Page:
The best placement is to put the database servers in a trusted zone of their own. They should allow inbound connections from the web servers only, and that should be enforced at a firewall and on the machines. Reality usually dictates a few more machines (db admin, etc). Obey reality as needed, of course. They should only be making outbound connections if ...


13

Rather than two separate connections working together, you can use separate user accounts with access to specific columns. Most of your statements can use the user account that has access only to the username (not password) column of the users table, and the less important data from your main db. In MySQL, you can do this with nice granularity. This will ...


13

General comments. It sounds like it would be helpful for you and your boss to learn some basic security concepts, before proceeding. Security is a specialized field. You wouldn't ask a random person on the street to perform open-heart surgery on you; and you shouldn't expect an average software developer to know how to secure your systems. I sense some ...


13

I don't understand how these database tables are accessed. Surely it is not SQL Injection, as that should be a thing of the past with prepared statements, Ahhh assumptions.. Have you seen the OWASP Top Ten project? SQL injections have always been a constant source of security issues. I cannot see how changing any session state would effect the ...


12

Generally hashing and encryption are for two different things. The main distinction in your case is that hashing is one way, and encryption is two-way. That is, you can decrypt the password to get them in plain text, but you cannot "de-hash" something. If your system gets compromised and you are using encryption, the attacker will probably have all the ...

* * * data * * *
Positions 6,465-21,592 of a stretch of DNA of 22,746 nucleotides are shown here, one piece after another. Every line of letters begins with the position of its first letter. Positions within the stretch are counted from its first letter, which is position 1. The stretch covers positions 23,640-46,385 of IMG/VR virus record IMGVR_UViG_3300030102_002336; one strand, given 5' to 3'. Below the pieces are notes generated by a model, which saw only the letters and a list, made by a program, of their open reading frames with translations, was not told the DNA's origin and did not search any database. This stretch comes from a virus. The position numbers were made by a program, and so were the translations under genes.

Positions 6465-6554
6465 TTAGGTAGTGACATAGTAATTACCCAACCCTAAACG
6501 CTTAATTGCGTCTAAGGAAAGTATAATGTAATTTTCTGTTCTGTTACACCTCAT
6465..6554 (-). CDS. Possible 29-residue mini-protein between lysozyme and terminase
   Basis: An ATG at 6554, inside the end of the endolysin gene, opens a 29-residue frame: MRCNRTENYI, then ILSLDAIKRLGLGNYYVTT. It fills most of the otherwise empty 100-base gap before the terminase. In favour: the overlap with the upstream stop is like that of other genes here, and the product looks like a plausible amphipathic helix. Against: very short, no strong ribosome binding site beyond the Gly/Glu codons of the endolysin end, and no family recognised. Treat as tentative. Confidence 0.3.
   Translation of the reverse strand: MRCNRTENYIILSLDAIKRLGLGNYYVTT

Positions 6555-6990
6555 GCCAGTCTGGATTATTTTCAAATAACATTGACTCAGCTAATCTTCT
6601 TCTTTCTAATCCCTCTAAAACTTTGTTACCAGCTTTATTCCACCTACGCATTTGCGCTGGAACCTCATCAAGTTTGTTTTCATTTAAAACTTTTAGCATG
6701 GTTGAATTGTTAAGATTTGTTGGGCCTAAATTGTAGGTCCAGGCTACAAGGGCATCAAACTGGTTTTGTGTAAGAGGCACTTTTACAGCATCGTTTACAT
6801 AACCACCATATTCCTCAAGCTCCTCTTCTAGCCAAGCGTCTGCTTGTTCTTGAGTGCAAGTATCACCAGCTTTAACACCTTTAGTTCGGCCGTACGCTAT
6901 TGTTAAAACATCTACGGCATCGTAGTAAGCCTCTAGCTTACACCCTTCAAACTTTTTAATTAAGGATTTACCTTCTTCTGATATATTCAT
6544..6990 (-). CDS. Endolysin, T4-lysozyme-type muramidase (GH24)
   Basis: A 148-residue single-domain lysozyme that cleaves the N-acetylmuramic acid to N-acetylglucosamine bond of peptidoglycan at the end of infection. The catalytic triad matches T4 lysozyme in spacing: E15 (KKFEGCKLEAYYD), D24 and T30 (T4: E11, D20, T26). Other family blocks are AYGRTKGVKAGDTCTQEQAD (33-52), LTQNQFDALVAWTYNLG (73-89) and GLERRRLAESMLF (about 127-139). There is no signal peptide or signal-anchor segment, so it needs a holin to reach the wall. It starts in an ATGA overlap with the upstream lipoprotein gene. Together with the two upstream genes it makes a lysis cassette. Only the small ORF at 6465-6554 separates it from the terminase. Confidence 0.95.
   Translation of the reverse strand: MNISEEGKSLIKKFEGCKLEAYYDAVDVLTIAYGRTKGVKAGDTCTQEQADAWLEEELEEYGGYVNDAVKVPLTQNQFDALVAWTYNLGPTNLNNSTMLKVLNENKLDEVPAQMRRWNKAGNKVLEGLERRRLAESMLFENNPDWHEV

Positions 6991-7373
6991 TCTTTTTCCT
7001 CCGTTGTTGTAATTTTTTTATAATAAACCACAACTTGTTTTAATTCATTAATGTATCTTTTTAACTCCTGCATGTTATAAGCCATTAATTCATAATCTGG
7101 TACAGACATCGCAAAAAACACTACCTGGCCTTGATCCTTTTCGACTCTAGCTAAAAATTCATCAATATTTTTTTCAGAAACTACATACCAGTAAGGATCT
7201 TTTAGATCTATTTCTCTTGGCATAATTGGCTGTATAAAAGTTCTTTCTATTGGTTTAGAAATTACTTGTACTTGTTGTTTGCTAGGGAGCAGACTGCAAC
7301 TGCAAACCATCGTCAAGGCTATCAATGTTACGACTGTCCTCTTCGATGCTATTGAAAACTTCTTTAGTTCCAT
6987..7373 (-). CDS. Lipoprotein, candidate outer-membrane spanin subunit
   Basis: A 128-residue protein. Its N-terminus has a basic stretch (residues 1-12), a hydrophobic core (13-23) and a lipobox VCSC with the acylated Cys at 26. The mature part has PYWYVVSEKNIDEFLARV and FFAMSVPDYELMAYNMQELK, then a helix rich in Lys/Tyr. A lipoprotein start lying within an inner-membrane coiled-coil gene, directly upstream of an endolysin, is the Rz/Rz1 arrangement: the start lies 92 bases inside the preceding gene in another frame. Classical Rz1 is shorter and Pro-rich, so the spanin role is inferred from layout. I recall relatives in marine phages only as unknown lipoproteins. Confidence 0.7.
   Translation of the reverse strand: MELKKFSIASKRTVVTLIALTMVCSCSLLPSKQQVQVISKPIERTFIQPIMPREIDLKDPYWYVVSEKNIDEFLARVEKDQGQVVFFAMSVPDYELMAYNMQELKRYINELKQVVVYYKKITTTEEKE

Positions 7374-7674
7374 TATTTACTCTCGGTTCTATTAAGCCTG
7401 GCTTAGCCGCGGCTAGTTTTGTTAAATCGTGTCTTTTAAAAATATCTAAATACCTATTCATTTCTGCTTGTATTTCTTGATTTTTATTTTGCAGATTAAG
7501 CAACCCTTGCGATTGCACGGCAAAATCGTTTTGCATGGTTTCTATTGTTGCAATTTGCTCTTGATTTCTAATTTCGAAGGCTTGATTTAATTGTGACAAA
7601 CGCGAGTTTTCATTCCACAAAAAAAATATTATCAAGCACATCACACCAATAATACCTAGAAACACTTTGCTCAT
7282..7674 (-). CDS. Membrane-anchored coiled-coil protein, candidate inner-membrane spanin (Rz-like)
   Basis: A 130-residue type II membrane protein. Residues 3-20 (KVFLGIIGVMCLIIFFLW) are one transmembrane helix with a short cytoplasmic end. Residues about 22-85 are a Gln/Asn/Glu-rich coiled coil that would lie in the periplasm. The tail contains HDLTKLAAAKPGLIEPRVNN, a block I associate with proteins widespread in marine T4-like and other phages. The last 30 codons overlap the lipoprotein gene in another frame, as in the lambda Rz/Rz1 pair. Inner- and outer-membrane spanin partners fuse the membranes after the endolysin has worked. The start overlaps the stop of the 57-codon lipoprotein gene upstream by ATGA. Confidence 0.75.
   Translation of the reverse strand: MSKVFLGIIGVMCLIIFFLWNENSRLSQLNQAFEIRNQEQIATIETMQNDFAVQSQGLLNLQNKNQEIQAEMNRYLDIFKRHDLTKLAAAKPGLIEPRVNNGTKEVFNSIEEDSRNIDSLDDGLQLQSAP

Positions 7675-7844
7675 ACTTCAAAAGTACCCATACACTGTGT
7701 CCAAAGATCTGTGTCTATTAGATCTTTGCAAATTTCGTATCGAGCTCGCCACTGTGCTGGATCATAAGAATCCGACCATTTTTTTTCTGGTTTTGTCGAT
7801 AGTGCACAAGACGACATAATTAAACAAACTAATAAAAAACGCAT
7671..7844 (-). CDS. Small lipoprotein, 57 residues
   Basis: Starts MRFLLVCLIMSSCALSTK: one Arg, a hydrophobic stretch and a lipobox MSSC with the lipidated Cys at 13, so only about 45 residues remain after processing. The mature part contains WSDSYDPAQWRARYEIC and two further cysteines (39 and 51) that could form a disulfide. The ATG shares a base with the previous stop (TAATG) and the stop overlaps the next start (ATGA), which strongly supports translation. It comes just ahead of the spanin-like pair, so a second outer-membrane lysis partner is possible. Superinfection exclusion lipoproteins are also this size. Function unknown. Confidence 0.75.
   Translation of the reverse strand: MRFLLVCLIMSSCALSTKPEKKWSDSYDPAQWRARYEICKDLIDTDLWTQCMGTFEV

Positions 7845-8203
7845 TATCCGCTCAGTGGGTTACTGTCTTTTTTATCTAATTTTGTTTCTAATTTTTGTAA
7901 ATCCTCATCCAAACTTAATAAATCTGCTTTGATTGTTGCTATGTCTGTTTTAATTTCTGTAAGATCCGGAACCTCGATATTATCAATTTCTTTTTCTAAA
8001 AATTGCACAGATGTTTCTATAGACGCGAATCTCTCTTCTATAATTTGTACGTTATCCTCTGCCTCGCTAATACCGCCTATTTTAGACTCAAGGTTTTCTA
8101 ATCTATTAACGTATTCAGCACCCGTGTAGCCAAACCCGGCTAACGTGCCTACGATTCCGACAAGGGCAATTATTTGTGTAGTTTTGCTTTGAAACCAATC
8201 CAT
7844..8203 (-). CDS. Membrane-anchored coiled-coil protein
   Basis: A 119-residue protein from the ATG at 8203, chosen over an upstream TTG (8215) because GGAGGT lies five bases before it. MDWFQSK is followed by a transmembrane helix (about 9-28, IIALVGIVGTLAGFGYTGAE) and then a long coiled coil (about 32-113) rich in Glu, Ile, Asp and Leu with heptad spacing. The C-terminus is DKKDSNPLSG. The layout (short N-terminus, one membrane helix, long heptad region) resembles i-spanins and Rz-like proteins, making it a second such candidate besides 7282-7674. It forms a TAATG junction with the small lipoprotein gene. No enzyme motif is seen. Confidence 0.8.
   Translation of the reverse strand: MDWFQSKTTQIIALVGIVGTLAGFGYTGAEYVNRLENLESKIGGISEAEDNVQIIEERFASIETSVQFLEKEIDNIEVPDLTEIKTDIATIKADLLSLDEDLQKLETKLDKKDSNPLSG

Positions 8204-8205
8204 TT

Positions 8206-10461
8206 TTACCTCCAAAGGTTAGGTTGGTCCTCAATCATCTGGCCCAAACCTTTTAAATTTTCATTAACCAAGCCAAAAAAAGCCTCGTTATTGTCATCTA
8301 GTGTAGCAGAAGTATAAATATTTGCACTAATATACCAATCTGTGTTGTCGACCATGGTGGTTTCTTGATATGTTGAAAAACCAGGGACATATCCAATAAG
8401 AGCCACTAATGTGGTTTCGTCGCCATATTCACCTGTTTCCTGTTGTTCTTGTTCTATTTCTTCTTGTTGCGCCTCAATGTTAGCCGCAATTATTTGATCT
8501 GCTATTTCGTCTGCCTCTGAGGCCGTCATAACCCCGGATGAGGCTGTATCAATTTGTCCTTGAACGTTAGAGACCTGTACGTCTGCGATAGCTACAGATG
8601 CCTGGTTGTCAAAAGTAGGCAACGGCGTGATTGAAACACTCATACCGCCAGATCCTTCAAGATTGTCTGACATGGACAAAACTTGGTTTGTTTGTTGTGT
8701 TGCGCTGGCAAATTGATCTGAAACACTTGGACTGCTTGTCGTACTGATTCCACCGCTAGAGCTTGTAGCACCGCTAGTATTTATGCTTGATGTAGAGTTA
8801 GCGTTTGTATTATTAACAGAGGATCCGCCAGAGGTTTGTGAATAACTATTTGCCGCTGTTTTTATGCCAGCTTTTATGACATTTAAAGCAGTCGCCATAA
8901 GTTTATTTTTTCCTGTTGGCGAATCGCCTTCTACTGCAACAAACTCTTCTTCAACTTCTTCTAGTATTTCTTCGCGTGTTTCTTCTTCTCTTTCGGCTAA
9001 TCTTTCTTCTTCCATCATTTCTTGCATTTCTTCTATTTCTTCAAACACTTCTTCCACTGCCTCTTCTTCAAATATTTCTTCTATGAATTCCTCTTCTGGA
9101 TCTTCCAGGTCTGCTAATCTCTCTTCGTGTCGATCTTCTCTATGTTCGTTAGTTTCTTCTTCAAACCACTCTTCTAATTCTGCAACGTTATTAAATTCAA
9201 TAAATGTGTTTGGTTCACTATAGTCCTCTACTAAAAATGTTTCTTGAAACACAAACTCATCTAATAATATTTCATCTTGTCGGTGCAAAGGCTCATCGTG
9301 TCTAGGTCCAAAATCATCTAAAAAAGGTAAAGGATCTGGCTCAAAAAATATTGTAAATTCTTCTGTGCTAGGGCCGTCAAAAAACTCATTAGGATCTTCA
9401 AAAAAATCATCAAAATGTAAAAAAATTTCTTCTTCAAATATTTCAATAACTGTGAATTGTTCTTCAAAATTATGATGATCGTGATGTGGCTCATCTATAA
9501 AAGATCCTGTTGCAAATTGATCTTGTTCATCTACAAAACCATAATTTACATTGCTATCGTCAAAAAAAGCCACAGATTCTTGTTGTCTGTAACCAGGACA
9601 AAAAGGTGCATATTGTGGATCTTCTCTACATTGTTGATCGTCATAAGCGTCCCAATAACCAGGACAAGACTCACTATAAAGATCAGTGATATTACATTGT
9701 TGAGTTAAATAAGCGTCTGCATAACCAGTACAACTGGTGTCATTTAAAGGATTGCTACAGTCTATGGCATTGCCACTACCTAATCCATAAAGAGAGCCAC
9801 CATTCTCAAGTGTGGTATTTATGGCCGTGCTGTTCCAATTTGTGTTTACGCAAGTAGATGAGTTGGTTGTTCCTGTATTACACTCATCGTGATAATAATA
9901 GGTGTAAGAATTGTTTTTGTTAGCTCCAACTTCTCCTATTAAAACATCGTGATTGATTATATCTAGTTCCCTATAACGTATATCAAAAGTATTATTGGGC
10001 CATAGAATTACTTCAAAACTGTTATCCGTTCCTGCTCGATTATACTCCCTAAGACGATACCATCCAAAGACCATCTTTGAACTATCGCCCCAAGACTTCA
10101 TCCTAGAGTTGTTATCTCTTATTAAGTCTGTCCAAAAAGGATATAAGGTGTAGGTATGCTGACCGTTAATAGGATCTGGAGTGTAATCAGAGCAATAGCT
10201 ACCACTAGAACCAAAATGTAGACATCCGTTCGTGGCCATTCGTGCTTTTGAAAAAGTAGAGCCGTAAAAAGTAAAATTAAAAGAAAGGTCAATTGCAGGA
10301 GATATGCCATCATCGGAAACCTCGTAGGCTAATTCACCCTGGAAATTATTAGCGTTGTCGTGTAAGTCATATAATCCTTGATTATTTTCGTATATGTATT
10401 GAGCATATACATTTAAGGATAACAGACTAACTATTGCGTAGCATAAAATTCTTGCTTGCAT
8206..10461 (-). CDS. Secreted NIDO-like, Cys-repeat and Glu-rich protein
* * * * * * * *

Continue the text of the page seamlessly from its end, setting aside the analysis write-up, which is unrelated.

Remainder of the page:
12

What about the support cost? Let's say that we allowed anyone to create password consists of € chars. Hurray, we are able to use special characters in our passwords. But wait - how on earth we can type that password if we want to get the access to our bank from the mobile-phone? It's easier to type € from our keyboard than from the mobile phone. What about ...


11

A hash computed over the plaintext would have the right characteristics for an IV, as far as "uniform randomness" is concerned. This is for a cryptographically secure hash function, not a CRC. Rather, something like SHA-256. A CRC is in no way secure enough for cryptography. However, the IV must be known to whoever will decrypt, so it must be stored along ...


11

The first few that come to mind are: An SQL injection attack where the database user in question has only the SELECT privilege. A compromise of the primary database backups or the offsite database backups. While these aren't read only, there's little likelihood of escalating the compromise by writing to backups. A compromise of a shell account on a ...


11

The concept is that on a given "object" (say, a file), you have access permissions which detail who can access the object and under which conditions. The owner is an optimization: usually, among all the users who have permissions for a given object, one of them should have "all the permissions" and be generally considered as responsible for this object. On ...


10